What is the proper, California way, to evict someone you cannot get a hold of? no response to email, no good phone number, but pays his rent? were updating our RV parking and need cars and trucks etc.. moved, his motorhome, is dilapidated, and falling apart at the seams, and leaking. want to be legal about this


  • ThriftyStorage
    ThriftyStorage Registered User ✭✭✭
    You do not have to renew his lease if he is not maintaining  his property in good working order. and pleasing to the eyes!
  • teamcapitola
    teamcapitola Registered User, Daily Operations Certified, Advanced Operations Certified, Administrator Certified, myHub Certified ✭✭✭✭✭

    Most of us have language in our leases stating that we can choose not to renew (month to month). The problems start when you have a tenant who simply will not leave... "make me, I'm not leaving"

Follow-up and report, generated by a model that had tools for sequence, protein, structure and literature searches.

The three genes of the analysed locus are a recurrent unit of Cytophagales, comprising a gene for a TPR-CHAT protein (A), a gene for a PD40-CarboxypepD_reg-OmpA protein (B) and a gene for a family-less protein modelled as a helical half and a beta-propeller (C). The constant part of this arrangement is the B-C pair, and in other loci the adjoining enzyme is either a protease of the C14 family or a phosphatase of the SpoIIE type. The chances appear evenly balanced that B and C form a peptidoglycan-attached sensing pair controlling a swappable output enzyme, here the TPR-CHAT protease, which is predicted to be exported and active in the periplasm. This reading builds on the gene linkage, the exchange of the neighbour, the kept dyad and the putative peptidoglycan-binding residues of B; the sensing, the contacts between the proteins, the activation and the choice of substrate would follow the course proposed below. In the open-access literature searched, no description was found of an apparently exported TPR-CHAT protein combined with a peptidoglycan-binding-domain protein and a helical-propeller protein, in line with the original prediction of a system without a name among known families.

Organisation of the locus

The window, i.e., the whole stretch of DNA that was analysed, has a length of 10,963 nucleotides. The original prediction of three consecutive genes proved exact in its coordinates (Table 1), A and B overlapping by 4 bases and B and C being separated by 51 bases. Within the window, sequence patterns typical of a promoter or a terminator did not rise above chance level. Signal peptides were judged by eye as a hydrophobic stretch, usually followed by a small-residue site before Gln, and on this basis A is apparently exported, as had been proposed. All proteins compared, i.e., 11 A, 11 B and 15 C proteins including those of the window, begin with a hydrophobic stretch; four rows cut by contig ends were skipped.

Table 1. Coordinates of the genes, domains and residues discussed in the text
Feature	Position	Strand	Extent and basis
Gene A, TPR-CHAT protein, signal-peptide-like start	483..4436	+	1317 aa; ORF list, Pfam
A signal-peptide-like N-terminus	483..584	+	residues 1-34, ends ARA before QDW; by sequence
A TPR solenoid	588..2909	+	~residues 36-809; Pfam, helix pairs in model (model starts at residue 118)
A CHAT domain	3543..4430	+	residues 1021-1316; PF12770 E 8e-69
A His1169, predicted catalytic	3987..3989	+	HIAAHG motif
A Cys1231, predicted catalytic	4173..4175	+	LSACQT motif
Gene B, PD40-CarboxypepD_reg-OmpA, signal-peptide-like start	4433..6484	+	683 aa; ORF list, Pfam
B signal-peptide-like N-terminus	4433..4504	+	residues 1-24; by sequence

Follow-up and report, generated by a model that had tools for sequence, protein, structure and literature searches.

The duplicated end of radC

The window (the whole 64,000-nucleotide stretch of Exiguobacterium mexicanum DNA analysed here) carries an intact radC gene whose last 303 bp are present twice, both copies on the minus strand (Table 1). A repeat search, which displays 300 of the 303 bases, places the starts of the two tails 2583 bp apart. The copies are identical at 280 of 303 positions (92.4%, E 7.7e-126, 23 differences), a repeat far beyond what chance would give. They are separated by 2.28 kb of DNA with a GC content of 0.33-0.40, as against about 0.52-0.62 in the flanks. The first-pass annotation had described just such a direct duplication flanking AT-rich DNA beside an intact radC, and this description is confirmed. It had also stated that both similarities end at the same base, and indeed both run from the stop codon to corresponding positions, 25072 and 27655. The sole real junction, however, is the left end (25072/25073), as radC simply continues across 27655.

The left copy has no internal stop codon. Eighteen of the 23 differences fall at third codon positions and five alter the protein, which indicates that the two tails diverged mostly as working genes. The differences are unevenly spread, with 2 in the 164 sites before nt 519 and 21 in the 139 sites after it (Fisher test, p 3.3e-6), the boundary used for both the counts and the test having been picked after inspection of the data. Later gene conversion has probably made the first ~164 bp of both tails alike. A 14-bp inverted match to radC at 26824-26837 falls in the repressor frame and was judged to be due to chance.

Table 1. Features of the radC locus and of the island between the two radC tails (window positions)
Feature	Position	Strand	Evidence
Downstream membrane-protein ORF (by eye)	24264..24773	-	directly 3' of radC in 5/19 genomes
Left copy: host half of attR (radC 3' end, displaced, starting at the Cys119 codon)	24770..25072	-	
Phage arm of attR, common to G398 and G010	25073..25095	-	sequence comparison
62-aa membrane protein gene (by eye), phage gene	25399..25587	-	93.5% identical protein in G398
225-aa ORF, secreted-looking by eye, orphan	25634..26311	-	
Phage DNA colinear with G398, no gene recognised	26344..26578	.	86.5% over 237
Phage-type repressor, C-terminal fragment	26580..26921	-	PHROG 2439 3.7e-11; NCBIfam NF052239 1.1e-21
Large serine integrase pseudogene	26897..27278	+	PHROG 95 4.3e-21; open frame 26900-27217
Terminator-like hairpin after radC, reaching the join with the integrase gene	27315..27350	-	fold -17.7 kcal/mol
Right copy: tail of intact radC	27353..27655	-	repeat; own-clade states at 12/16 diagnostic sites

We issue a printed 7 day eviction notice stating that we are not renewing the lease, and they have to be out of the unit on such and such day. I've been very lucky; the tenants that I have evicted actually left on their own accord (I've had to bluff a bit using our local PD) but nobody has turned into a holdover tenant.

    Self Storage is technically not covered by California's Unlawful Detainer laws (in fact it states that self storage is not covered), however most facility lawyers will tell you to go the court route to actually evict a holdover tenant. The California Lien laws (B&P 21700 -) only cover non-payment, and do not address eviction.

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